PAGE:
New Delhi: The Met Department has said that the next 24 hours may bring more rainfall in Bihar, which has already suffered the loss of 110 lives in pounding by torrential rains over the past few days. Patna remains the worst-affected in the state, with authorities shutting down schools till Tuesday.
Bihar CM Nitish Kumar said even the weather department was “clueless”. “It is nature's fury before which man is often helpless. We are, however, trying our best. The problem is we have no idea how long the downpour which caps a prolonged dry spell causing a drought-like situation is going to last. Even the weather department seems clueless, making different predictions at different points of time,” he said.
But why is the rainfall so severe and how much of the floods are actually due to climate change? News18 explains:
Why are there such heavy rains in Bihar?
There are two weather systems at work here - a cyclonic circulation over south-eastern Uttar Pradesh and its adjoining areas and a trough (an elongated area of relatively low atmospheric pressure) that extends from Punjab to south Assam.
“Bihar experienced widespread rainfall with ‘heavy’ to ‘very heavy’ rainfall in isolated places for three consecutive days. Intensity and distribution of rainfall over Bihar are very likely to reduce from September 30,” the IMD said on Monday.
The IMD’s Patna centre noted on Sunday evening that the cyclonic circulation persisted, as did the trough. Rainfall and thunderstorms were likely in all districts of the state.
How unusual is this?
Officially, the four-month monsoon season was to end on Monday, but its actual withdrawal is likely to be in the coming week. IMD officials maintained that this could be the most delayed withdrawal since 1960. For instance, Rajasthan, where the monsoon normally retreats starting from its western areas from September 1, saw rainfall till late in the month.
Officials said that the withdrawal of monsoon from west Rajasthan would only start during the second week of October, with the likelihood of increased rainfall in the region in the first week of October.
The Met Department, in its forecast on Monday morning, predicted heavy rainfall in Bihar, eastern Uttar Pradesh and Bengal on Monday, while heavy to very heavy rainfall was predicted “at isolated places over east Rajasthan, west Madhya Pradesh, and Assam & Meghalaya” along with heavy rainfall “at isolated places over Sub-Himalayan West Bengal & Sikkim, and Nagaland, Manipur, Mizoram & Tripura, Gujarat, Maharashtra, Tamil Nadu, Puducherry & Karaikal and Kerala & Mahe.”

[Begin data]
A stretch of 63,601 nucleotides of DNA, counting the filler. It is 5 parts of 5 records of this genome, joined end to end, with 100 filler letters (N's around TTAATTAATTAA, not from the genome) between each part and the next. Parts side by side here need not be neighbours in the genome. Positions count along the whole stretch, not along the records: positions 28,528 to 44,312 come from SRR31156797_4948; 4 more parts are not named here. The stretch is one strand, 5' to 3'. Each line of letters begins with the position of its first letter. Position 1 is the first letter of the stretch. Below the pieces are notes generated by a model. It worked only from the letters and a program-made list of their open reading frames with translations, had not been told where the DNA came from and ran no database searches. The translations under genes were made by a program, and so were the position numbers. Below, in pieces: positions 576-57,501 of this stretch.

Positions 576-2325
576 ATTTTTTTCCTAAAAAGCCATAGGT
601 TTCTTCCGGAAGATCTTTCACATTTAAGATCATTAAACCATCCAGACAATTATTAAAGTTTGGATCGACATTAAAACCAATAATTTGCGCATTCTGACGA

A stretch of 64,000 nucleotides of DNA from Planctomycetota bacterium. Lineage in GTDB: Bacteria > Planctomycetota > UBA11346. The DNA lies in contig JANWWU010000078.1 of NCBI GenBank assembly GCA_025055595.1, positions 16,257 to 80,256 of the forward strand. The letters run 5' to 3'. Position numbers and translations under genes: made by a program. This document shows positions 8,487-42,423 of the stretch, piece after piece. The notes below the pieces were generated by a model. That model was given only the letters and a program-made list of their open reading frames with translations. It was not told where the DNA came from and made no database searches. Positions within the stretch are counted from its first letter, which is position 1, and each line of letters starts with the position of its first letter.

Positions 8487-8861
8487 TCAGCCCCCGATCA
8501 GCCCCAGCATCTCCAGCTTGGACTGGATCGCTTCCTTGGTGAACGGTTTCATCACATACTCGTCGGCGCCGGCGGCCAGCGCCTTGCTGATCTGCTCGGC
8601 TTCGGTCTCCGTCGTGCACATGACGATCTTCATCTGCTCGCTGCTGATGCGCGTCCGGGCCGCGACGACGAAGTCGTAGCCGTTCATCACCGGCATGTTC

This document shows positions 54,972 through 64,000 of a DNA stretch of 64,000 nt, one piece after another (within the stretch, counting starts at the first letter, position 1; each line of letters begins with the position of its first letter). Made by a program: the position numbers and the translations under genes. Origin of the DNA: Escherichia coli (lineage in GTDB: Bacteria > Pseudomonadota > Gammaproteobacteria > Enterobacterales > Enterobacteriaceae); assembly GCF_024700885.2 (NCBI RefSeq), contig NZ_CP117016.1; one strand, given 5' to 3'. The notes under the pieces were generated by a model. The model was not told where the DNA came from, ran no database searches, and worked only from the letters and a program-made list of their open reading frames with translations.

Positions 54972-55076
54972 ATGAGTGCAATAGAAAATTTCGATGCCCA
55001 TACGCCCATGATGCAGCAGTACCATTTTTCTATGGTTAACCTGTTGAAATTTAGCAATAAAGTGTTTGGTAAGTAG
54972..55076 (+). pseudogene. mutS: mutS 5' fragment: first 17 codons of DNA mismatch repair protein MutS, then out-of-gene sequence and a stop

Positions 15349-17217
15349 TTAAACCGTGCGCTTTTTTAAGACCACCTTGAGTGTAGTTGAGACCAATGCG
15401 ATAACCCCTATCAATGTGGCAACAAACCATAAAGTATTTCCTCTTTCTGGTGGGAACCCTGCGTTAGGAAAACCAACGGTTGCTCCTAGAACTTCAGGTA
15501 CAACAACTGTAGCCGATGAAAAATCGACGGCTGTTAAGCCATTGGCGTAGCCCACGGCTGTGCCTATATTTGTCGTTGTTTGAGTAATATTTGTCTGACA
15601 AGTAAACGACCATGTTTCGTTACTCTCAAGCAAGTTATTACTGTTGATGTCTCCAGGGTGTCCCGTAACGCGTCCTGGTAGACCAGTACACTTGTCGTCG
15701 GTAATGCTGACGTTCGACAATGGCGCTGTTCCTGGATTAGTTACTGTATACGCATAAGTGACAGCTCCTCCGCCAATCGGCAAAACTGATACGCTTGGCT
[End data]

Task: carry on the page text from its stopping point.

Are the rains linked to climate change?
Scientists point out that extreme rainfall events are on the rise in the country, as are longer dry spells with more intense rainfall concentrated in just a few days.
A 2017 study by researchers at the Indian Institute of Tropical Meteorology said there was a “threefold increase in widespread extreme rain events over central India during 1950–2015” and that this was due to the “increasing variability of the low-level monsoon westerlies over the Arabian Sea, driving surges of moisture supply, leading to extreme rainfall episodes across the entire central subcontinent.”
As of September 30, the average rainfall received in the month was at 247.1 mm — 48 per cent above the normal, and, as per a Times of India report, the third-highest in the IMD’s records since 1901.
With rainfall lashing Bihar and Gujarat, this is on track to becoming the highest rainfall for the month of September since 1901. The report added that the all-India average seasonal rainfall stands at 956.1mm, 9 per cent higher than the normal of 877mm till Sunday. As per the IMD, the annual mean temperature in the country increased by 0.6 degrees between 1901 and 2018, when compared to pre-industrial levels. Of the 15 warmest years, 11 have been in the last 15.
This has already begun having an impact on food security, and it is only likely to get worse, experts predict. A recent IPCC report also warned that in the upcoming decades, food security will be threatened due to climate change, along with the demands of a larger population.
What makes Bihar especially vulnerable?
Bihar is among the most climate-sensitive states in India, not just due to its geographical setting and related meteorological uncertainties, but also the dense population.
Agriculture accounts for nearly 22 per cent of its GDP and is the source of livelihood for nearly 90 per cent of its population. With droughts and extreme-rainfall events becoming increasingly common, the population remains extremely vulnerable. The state government has noted this and is attempting to transform its agriculture and its allied sectors into climate-resilient systems to ensure sustained food security.